Liked by 1 person

  20. Pingback: My Article Read (3-23-2015) | My Daily Musing

  21. I come from a medical family and friends who do as well. One of the funniest but scary things is when parent of the doctor is so used to getting advice from offspring doctor that they ring them in an emergency instead of 000 or 911. “This is Mum. I have chest pains. Am having a heart attack. What should I do?” Not uncommon and so scary!!
    The thing I find interesting is that I offer the prospective of the overcoming patient and I have no doubt that I’m doing as well as I am because I am active: physically and mentally. Sometimes, I get stroppy about having to do so much because I’m tired. I’d like to just sit in a chair and veg. Do absolutely nothing. However, my mother is constantly offering me advice she doesn’t follow herself. My brother has fibromyolgia and admittedly has tried things and has built something of a protective layer around himself and he’s very difficult to reach. They never look at how well I’m doing and ask for help. They seem to want to be miserable.
    By the way, I’m reading a book you would love. Have you read: “The Brain which Changes Itself” by Norman Doidge? He’s put out a new book: “The Brain’s Way of Healing”. He specialises in brain plasticity and it’s a mind-blowing book. I would love to get a group of people reading it at the same time to compare notes. xx Rowena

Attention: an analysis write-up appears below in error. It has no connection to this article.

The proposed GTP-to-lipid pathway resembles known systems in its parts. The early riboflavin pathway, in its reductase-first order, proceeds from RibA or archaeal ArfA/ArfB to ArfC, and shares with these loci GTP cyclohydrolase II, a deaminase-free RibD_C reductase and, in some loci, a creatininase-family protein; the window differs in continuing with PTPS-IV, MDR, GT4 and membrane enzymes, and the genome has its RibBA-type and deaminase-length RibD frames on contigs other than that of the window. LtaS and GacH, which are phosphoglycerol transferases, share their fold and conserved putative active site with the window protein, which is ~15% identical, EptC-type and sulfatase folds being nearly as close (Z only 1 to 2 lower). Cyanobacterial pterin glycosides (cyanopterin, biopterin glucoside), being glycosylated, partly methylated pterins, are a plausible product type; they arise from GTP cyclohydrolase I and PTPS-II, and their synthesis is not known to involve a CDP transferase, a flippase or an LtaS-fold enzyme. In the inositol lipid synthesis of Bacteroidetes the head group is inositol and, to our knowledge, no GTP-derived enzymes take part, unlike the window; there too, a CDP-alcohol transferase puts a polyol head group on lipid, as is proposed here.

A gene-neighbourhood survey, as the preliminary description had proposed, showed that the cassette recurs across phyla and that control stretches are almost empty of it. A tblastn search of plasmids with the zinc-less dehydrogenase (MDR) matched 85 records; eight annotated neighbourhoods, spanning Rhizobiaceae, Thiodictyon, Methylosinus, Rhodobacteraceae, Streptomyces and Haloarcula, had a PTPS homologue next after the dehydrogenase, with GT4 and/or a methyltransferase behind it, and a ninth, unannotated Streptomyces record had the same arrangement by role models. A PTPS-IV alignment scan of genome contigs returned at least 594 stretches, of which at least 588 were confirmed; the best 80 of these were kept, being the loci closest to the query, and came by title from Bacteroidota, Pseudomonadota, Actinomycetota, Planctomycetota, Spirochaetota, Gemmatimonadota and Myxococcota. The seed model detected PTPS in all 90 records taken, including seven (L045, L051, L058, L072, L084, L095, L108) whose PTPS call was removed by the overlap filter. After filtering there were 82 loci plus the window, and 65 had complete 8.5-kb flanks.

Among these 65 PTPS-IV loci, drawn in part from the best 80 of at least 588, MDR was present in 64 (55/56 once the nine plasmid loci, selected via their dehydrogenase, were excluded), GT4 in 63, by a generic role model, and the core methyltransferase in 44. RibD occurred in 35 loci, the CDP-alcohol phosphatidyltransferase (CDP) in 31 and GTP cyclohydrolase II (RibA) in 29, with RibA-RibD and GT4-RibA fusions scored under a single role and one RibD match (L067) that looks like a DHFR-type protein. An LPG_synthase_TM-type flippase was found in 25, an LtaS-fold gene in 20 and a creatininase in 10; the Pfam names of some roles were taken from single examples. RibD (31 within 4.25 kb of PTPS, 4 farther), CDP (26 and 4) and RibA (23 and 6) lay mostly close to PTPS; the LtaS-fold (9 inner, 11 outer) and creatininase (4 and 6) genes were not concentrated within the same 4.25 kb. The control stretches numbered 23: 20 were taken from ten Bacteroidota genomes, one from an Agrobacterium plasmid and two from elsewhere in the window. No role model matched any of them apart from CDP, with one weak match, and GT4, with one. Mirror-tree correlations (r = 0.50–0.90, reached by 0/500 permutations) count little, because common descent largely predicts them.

Liked by 1 person

  22. I can understand your frustration — between being a paralegal for more than a decade and a professional photographer for another decade, I’ve had way too many people want my “professional advice”… but what always got to me was those that didn’t… My Grandma and birth mom never seemed to trust that I could handle their legal needs such as making their wills, etc. The fact that I did stuff like that every day for strangers meant nothing… they wanted a real attorney. (Never mind that the attorney they paid tons of money to handed the job off to his paralegal who did exactly as I would have done.) But yeah, I can definitely see why you would feel frustrated with those family members.

    Liked by 1 person

  23. Reblogged this on Smorgasbord – Variety is the spice of life and commented:
    Sorry that I have not been over to Victo Dorlore in the last few weeks, no excuse except giving myself too much to do!! Anyway I decided that I would have a browse this morning and found this gem that Victo published earlier in the week.. the challenges of being a doctor in a family. It is almost as bad when you go out with one and take them home for the first time to meet the family…. disaster.


  24. AGREED!!! My mom fought esophageal cancer for a couple years and I was her nurse. Near the end I asked her if I could just be her daughter for a little while…..

    Love this post!

    Liked by 1 person